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Recruitment campaign

By Helen Crump

The RCGP is set to join the GPC in a two-pronged attack to try to force the Government to pull money back into GP recruitment and training.

Senior figures are warning that without an urgent injection of cash, the transfer of work to primary care will be doomed to fail as the workforce crisis worsens.

A leaked Department of Health report predicted a shortfall of 1,200 GPs by 2011 even without factoring in cuts to training schemes, loss of central funding for the GP returners' scheme and loss of cash for new recruits under the flexible careers scheme.

Professor Steve Field, chair of the college's professional development board, warned that 'without these schemes you can't have the transfer of care from the secondary to the primary sector'.

Professor Field, head of workforce and regional postgraduate dean at the West Midlands Workforce Deanery, said: 'Given that they have decided to transfer all funds to the strategic health authorities, we should now have a two-pronged attack.

'I would suggest the line of attack should be, first, nationally and, second, locally with the college particularly taking a lead to ensure the smorgasbord of things we need in the workforce are there in the SHA plans.'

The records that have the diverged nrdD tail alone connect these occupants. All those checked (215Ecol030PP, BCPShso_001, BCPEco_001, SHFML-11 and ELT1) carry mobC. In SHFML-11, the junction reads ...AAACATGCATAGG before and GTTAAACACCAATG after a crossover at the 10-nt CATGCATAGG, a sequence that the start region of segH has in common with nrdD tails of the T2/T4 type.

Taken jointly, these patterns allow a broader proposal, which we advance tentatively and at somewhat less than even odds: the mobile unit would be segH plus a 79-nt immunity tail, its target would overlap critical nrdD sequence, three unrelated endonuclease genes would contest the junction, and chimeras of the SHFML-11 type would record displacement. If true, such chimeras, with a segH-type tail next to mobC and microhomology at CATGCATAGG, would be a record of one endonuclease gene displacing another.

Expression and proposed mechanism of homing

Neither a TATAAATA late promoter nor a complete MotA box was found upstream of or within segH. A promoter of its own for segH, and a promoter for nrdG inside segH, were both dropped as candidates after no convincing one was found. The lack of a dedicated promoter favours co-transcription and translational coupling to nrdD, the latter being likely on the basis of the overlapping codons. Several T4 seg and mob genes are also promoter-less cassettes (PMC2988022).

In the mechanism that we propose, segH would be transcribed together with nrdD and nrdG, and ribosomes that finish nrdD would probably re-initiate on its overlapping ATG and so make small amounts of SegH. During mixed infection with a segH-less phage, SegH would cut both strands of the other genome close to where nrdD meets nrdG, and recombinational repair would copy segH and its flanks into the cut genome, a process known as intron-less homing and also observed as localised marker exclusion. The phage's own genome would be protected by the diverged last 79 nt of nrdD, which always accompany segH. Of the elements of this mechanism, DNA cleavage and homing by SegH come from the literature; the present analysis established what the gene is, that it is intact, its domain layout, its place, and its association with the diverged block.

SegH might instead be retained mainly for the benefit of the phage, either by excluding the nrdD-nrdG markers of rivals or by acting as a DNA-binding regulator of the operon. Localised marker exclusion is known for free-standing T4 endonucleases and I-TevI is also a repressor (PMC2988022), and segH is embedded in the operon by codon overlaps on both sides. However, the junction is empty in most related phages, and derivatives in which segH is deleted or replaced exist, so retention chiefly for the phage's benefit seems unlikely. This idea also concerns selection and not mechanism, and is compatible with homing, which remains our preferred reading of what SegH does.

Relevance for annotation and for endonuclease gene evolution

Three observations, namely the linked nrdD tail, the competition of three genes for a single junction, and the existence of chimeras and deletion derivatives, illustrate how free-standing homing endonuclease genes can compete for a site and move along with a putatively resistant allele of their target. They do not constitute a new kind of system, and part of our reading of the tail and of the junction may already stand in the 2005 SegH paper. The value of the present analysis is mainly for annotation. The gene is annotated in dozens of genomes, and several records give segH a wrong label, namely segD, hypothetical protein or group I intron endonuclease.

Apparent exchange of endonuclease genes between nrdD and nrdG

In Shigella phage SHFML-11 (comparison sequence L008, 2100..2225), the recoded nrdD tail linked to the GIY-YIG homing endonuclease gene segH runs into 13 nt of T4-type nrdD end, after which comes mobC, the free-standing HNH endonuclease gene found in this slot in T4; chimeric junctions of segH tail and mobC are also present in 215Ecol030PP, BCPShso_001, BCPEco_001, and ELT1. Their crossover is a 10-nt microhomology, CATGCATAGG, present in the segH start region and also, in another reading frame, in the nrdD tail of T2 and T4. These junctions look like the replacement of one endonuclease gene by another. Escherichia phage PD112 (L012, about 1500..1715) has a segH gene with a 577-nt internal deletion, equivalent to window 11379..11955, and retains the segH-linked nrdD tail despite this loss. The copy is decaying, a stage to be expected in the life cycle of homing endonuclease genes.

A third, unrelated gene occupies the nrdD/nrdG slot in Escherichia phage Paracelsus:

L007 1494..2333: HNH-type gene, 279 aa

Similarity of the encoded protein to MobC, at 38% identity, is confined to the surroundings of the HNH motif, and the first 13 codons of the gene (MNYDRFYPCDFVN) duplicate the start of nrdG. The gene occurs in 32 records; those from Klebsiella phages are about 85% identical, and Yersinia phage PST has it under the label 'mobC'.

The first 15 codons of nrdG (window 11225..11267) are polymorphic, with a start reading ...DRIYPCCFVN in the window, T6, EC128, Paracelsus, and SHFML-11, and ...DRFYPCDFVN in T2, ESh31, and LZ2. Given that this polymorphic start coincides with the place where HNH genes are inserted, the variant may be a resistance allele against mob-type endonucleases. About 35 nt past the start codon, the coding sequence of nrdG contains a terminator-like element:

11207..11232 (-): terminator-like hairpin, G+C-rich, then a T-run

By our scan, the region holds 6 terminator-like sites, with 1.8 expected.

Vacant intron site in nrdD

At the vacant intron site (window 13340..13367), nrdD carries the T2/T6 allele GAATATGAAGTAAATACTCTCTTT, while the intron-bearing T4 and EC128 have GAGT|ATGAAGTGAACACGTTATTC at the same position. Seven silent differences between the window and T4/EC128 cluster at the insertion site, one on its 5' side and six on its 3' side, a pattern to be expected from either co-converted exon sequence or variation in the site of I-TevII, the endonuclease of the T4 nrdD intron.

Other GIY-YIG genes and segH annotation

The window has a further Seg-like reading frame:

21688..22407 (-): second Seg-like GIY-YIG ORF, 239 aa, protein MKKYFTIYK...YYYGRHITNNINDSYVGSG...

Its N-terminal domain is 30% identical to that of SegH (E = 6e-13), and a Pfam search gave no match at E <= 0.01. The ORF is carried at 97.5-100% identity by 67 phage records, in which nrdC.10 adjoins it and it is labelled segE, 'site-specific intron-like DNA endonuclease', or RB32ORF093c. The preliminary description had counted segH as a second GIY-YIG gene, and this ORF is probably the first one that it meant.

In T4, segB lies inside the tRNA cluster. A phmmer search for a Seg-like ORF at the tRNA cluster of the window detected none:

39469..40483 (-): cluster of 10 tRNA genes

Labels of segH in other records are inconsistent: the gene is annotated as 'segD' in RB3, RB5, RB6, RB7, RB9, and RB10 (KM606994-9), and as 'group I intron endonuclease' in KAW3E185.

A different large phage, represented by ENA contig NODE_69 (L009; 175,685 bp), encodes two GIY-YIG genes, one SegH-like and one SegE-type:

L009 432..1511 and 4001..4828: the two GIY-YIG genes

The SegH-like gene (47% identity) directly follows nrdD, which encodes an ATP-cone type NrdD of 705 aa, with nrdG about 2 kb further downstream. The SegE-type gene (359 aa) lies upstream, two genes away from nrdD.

Dr Hamish Meldrum, GPC chair, has written to Health Secretary Patricia Hewitt demanding a meeting to discuss how new life can be breathed into training.

He told the Health Secretary that this, along with further recruitment and retention measures, were essential if a full-blown workforce crisis was to be avoided.

Dr Meldrum said: 'The figures are extremely difficult to estimate because there are so many variables. But we have always felt the UK was significantly underdoctored in GP terms.'

He insisted it was essential more GPs were trained if primary care was to take on an increased role.

Professor Field said the college must work at a local level to ensure funding for recruitment and retention was present in all SHA development plans for the next year.

His own deanery recently staved off redundancies among GP educators – fighting against a trend that saw jobs lost in London and Merseyside.

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